State Rep. Sara Innamorato held a transit town hall on a public bus | News | Pittsburgh | Pittsburgh City Paper

State Rep. Sara Innamorato held a transit town hall on a public bus

State Rep. Sara Innamorato held a transit town hall on a public bus
CP photo: Ryan Deto
Sara Innamorato talking to a bus rider during her transit town hall on the 91 bus
Usually when elected officials want to meet with constituents to discuss their needs and desires, they hold town halls. They pick a large venue and anywhere from dozens to hundreds of constituents congregate to listen their representative and asks questions.

But state Rep. Sara Innamorato (D-Lawrenceville) is trying a different approach. On April 24, she went directly to her constituents and joined them on the 91 bus, traveling from Aspinwall to Downtown and back again. She called it a Transit Town Hall, and she spoke with bus riders about why public transit is important to them, what improvements they are looking for, and other general questions about public transit in the state of Pennsylvania.

“[It's] definitely experimental, as far as we know no one has done this before,” said Innamorato. “We talked to people who ride everyday. We talked about homelessness and gentrification. I wasn’t expecting to talk about all these different issues, but it shows how deeply intersectional it all is and what transit means to people’s lives.”

Innamorato walked up and down the aisle of the bus during the event and she says she spoke to about 20 people directly during the hour long event. Her district occupies most the 91 route, including Lawrenceville, Sharpsburg and Aspinwall. People asked her about autonomous vehicles, state public transit funding, and requests for additional service.

She said this was a good way to meet her constituents directly where they were, and noted that “people riding the bus at 11 morning, probably don't have time to go to a traditional town hall.”

When asked about the potential of reintroducing a route to the North Hills traveling up Perry Highway through part of her district, Innamorato said she supports that initiative.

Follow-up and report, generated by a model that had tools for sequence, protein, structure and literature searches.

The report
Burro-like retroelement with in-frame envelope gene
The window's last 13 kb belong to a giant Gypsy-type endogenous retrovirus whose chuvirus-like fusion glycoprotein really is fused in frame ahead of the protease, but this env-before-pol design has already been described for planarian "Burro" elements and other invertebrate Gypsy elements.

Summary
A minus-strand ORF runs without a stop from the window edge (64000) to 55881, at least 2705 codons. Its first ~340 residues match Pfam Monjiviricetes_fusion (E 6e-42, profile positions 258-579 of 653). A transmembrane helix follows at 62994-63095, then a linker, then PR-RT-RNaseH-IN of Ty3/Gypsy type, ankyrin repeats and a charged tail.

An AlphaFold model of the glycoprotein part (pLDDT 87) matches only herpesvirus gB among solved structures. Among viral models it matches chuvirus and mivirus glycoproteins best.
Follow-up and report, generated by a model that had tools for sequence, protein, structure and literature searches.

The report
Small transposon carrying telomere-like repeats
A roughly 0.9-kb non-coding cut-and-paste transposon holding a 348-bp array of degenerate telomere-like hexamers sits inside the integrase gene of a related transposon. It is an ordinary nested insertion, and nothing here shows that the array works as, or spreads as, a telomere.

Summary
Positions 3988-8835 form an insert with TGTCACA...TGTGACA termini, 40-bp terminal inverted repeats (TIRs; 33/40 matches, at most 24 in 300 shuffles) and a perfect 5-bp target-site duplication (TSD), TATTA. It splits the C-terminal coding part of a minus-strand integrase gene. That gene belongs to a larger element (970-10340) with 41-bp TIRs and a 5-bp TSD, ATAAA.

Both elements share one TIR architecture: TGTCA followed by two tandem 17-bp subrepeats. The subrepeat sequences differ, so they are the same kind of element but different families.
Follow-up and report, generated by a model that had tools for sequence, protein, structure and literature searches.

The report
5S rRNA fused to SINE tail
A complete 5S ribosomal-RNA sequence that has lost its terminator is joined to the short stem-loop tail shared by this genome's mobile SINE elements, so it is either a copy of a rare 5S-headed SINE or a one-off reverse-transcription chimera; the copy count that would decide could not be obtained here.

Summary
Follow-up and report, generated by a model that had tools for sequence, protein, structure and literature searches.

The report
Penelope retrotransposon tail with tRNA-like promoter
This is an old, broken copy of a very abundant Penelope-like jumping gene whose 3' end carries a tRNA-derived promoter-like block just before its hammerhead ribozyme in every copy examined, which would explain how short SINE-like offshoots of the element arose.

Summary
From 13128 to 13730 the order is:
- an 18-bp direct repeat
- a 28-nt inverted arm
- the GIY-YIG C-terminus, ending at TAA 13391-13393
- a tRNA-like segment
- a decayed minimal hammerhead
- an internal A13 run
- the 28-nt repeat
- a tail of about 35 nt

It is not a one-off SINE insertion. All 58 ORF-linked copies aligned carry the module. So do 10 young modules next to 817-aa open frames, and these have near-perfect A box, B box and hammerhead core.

“We need a bus to Perry Highway, the people are hungry for it,” she said. “I have a whole room of seniors that I want to bring to Harrisburg that want that bus.”
Innamorato said the bus town hall only strengthened her resolve that the region needs more state dollars in public transit funding. She says talking to all the riders that rely on transit, even those taking the bus in the middle of the day—seniors, service industry workers, etc.—shows how necessary public transit is to some people.

The 91 bus that Innamorato held her town hall in was open the public and operated the same as other buses. It was an additional bus that Port Authority added to the route, just for the town hall. Most seats were full when Pittsburgh City Paper rode from Downtown to Aspinwall.

A large amount of state funding to the Port Authority currently comes from the Turnpike Commission, which pays $450 million a year to state public transit agencies (Though the state has continued to fund Port Authority has the Turnpike Commission has missed the last few payments). A lawsuit is currently being appealed that could jeopardize that payment, and regardless that payment will be reduced by $400 million in 2022. That means replacement funding will need to be allocated by the state government, or the state government will need to allow counties like Allegheny to raise their own funding, says Innamorato.

“Most people don’t have a pulse on transit funding at the state level, they just ride the bus and need it,” says Innamorato. "And that is why financing public transit is important.”

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